Watatunga Wildlife Reserve is a completely fascinating new nature reserve in the heart of rural Norfolk, equidistant between Downham Market and King's Lynn just outside the village of Watlington.
It is set up for the primary purpose of protecting endangered deer, antelope and birds, but also has excellent guided tours which take you around the reserve to view some extraordinary animals that you wouldn’t normally see in Norfolk!
Watatunga opened in July 2020 after many years of planning by the owner and local farmer, Ed Pope. Having a love of wildlife and a fascination for Africa together with recent trips to Africa, Ed became very aware of the fact that habitat and hunting were endangering some of these incredible animals, and hence Watatunga was founded.
Although more of the well-known animals such as elephants, tigers and rhino’s get lots of media coverage, these deer and antelope rarely make the headlines, so Watatunga Wildlife Reserve is a place where these lesser known animals can begin to breed successfully with careful and specific breeding programmes in place.
Watatunga is managed by a very dedicated and knowledgeable team, and you will definitely come across some of them when you take one of the guided tours. You can see more about the team behind the conservation work and the running of the reserve here.
Although it’s a conservation reserve, Ed, his family and his co-workers are now giving the general public the chance to come and visit, see and learn about the work on an amazing tour of the reserve and believe me when I say you’ll be in for a treat.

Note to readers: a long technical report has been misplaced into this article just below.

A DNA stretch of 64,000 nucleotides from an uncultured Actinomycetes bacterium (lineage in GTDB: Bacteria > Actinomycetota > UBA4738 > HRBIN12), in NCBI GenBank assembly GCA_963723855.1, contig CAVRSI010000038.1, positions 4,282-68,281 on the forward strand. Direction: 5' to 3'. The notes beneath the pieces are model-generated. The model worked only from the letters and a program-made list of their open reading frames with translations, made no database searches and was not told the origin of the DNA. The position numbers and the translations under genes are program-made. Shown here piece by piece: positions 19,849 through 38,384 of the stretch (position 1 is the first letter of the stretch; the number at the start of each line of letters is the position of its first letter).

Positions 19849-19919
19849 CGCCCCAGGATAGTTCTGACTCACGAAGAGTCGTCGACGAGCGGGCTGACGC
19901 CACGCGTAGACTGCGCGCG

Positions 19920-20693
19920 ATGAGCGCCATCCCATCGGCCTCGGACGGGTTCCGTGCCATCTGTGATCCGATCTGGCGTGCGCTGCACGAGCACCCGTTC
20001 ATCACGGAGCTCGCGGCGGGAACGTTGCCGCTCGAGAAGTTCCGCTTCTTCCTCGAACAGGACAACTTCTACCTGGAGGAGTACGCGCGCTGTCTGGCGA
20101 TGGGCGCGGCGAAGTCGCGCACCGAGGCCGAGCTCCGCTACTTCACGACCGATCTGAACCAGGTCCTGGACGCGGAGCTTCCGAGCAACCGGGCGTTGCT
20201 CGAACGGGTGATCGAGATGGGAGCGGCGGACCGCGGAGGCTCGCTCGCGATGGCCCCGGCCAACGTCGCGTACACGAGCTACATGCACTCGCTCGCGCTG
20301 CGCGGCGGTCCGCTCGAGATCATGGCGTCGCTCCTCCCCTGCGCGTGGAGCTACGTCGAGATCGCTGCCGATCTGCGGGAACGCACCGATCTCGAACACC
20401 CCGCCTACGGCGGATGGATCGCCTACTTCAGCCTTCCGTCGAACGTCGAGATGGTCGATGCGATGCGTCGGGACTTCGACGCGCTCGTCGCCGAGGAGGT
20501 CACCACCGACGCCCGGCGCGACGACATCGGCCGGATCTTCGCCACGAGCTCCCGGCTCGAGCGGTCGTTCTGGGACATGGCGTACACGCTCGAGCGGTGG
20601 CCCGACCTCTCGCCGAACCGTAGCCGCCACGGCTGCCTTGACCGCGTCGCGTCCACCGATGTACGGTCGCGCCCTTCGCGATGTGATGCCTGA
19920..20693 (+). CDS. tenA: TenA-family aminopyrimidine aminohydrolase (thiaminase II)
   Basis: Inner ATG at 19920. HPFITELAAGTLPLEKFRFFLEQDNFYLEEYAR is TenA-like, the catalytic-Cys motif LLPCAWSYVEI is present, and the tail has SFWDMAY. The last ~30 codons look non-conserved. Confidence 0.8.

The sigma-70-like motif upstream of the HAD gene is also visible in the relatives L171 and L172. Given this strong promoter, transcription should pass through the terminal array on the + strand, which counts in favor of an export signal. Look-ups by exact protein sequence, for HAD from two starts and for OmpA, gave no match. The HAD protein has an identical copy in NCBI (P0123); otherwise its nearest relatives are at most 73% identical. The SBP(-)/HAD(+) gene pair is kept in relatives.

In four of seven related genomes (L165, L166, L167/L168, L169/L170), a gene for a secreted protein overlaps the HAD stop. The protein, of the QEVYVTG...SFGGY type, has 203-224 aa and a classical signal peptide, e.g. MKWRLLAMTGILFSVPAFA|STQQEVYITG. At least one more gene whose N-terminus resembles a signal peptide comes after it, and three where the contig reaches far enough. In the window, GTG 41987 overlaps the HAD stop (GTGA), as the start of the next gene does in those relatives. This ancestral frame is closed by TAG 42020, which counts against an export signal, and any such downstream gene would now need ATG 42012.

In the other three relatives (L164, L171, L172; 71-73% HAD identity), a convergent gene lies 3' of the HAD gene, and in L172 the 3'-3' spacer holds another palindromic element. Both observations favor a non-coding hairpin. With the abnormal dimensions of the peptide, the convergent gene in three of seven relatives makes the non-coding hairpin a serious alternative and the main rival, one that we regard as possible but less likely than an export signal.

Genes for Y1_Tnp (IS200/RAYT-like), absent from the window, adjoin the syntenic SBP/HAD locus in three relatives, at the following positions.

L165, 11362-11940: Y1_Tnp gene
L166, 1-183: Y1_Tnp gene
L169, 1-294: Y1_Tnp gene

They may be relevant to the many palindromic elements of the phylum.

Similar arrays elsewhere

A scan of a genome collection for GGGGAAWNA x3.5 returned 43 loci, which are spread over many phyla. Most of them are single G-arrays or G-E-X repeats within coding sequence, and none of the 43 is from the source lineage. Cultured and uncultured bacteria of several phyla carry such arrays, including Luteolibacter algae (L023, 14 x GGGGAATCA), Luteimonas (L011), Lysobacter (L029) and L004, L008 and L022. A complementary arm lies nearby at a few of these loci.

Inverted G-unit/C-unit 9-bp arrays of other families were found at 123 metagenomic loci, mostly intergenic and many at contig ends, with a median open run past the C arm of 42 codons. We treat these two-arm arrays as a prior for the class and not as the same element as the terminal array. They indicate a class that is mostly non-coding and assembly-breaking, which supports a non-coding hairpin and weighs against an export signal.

The reserve concentrates mainly on the conservation of ungulates, birds and ducks.
But what, you may ask, are ungulates? I certainly had to look it up! The word means large animals with hooves. But these aren’t any deer or antelope, they are endangered, and many of the ungulates at Watatunga are from Africa and other subcontinents such as India.
Watatunga Wildlife Reserve is set in 170 acres of lovely meadow, woodlands and wetland and is home to Europe’s largest collection of deer and antelope. Their aim is to encourage young people to go on to further education and become involved with the “conservation for tomorrow” so are collaborating with universities and research organisations as well as running breeding programmes.
Their forward thinking means they are also engaging with schools in the hope of bringing the curriculum to life and encouraging young children to learn about these animals and their threatened habitats and hopefully move on to further education in these scientific areas.
As well as ungulates, you’ll also see some wonderful bird life (and more to come over the years) such as storks, rare pheasants, ducks and the amazing Great Bustards.
The Great Bustard certainly stole the show when we went on our tour! This is the only place in Norfolk that you’ll see an example of this wonderful looking bird. The last one in the UK was shot in 1832 and Ed is currently involved with the international collaboration to reintroduce this bird back into the UK. You’ll get a good explanation about the life of the Great Bustard when you tour the reserve!
I was intrigued to hear where the name Watatunga came from because it’s certainly not a very Norfolk name! It’s the combination (portmanteau) of two words; Watlington, the village where the Watatunga Reserve is situated, and the Sitatunga antelope which is from South Africa and which they have on the reserve.
The only way to see these endangered species on the reserve is to book one of Watatunga’s amazing guided tours which you can read more about here. These tours last for 1 ½ hours and are excellent, something completely different in this county and extremely informative.